By Sarah Larke
Humber College is putting an emphasis on sexual violence awareness and prevention across its campuses.
“It’s such an umbrella term that a lot of people aren’t able to define. There’s many different forms that fall under that umbrella term,” said Humber College Sexual Violence Education and Prevention coordinator Jennifer Flood.
The importance of colleges investing time and resources in sexual violence education is increasing. On Tuesday, the Ontario government released the results of its province-wide campus sexual violence survey, which showed 63 per cent of university students and nearly 50 per cent of college students have reported experiencing some form of sexual harassment.
The survey, called the Student Voices on Sexual Violence Survey, had responses from 116,000 university students and 42,000 college students. Ontario Minister of Training, Colleges and Universities Merrilee Fullerton described the results as “disturbing.”
Flood said she hopes the survey results will help Humber move forward with its policies and programs. Humber introduced a research-based workshop from the University of New Hampshire in 2015 called Bringing in the Bystander, which discusses consent and intervention strategies.
“It teaches participants about bystander intervention, but more so it talks about sexual violence and how we intervene effectively to prevent sexual violence from happening,” Flood said.
The program has trained about 3,000 students and 300 faculty to date.
Apart from workshops, Humber College has Student Support and Intervention Coordinators at Lakeshore and North campus to meet with sexual violence survivors.
“Their role is to sit down with the survivor and map out all of the options. It’s really important to be survivor-driven,” said Lara Hof, Manager of Student Conduct.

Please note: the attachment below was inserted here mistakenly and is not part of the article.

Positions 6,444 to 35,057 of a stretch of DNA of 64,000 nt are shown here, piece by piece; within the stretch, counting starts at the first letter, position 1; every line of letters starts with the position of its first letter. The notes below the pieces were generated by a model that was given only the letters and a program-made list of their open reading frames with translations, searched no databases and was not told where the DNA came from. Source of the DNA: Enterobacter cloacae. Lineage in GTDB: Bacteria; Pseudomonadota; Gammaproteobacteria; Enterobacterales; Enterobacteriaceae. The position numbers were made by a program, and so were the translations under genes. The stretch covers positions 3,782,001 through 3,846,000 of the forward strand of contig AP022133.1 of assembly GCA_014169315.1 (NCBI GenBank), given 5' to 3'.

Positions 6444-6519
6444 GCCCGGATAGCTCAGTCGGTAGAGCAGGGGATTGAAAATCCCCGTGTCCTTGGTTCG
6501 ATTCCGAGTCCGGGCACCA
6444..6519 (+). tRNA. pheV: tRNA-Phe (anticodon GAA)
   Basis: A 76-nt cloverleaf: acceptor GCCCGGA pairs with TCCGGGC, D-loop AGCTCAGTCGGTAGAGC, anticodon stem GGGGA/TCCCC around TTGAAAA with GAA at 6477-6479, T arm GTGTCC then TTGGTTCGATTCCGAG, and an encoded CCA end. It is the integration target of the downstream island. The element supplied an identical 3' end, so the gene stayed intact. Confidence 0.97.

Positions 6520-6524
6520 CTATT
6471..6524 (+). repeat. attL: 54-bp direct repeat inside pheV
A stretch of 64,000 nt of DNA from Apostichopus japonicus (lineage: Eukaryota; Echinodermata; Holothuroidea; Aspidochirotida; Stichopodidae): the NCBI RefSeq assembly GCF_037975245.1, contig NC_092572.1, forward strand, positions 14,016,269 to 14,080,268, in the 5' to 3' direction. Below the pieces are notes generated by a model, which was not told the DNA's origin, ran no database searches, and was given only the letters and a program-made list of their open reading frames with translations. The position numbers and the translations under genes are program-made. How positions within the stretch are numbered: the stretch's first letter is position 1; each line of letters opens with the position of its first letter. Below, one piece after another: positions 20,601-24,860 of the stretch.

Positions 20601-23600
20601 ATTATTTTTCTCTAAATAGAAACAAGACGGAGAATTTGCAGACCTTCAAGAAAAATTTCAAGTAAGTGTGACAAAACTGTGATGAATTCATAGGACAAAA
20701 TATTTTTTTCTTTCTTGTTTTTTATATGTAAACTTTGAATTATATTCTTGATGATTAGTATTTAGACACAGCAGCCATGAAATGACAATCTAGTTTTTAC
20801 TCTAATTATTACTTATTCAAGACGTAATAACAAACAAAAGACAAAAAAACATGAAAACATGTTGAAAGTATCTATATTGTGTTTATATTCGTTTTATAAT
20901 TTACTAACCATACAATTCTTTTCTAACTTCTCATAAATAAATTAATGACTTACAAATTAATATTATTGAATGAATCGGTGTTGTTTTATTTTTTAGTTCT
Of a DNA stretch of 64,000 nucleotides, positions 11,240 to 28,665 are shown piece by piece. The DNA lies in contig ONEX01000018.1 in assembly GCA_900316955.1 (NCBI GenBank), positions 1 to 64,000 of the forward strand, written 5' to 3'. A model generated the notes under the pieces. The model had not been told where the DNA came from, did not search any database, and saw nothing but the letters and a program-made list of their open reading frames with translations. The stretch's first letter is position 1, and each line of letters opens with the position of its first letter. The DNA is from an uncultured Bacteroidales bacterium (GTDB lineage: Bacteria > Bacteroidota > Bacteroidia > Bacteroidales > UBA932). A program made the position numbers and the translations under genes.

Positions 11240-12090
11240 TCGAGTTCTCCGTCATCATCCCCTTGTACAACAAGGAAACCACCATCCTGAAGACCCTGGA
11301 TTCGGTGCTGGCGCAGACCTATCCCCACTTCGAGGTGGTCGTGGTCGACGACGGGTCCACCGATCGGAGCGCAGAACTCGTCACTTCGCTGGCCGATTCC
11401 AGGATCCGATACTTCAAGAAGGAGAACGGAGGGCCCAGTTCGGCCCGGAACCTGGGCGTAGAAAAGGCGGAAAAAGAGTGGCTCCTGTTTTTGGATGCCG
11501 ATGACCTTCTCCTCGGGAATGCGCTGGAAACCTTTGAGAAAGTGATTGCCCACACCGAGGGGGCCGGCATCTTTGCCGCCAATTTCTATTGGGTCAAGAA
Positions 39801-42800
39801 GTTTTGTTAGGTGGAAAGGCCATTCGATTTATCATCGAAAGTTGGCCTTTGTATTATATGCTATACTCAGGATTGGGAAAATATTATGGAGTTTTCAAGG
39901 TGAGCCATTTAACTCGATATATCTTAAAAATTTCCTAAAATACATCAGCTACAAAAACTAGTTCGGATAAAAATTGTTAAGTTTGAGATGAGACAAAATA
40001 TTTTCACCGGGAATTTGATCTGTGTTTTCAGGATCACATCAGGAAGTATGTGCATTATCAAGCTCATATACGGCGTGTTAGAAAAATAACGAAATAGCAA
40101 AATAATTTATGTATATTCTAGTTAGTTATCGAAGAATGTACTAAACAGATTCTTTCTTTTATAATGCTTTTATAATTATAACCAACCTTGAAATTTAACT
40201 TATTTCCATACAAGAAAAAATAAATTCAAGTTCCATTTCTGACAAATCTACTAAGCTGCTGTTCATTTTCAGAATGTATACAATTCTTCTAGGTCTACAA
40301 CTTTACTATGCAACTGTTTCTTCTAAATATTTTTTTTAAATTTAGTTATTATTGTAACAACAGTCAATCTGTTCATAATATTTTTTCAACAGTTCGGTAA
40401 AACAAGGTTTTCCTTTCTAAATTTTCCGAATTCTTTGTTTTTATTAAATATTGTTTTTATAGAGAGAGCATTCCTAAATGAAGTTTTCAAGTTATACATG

Options include involving the police, a college investigation, or taking no action, and Hof said it’s about how the survivor wants to proceed. She is trained in trauma-informed investigation, which ensures victims aren’t further traumatized when she asks them questions about their experience.
“It’s a very unique kind of approach and skill and we’re very aware of that. No one wants to have to tell their story multiple times,” Hof said.
According to the Canadian Federation of Students, only nine out of 78 Canadian universities had sexual assault policies as of November 2014. Now, all Ontario schools must have sexual assault policies and renew them every four years. After the sexual violence survey results came out, the provincial government announced all post-secondary institutions must give yearly reports on what schools are doing to support student survivors of sexual violence.
Hof said awareness is one of the most important steps on the road to sexual violence prevention.
“I think we need to change the culture of sexual violence in this country and we need to do that as an entire community that involves male-identified and female-identified individuals,” she said. “We need the men to have a voice as well and to be our allies. Sexual violence affects everybody so I hope we can have a conversation and keep the dialogue going.”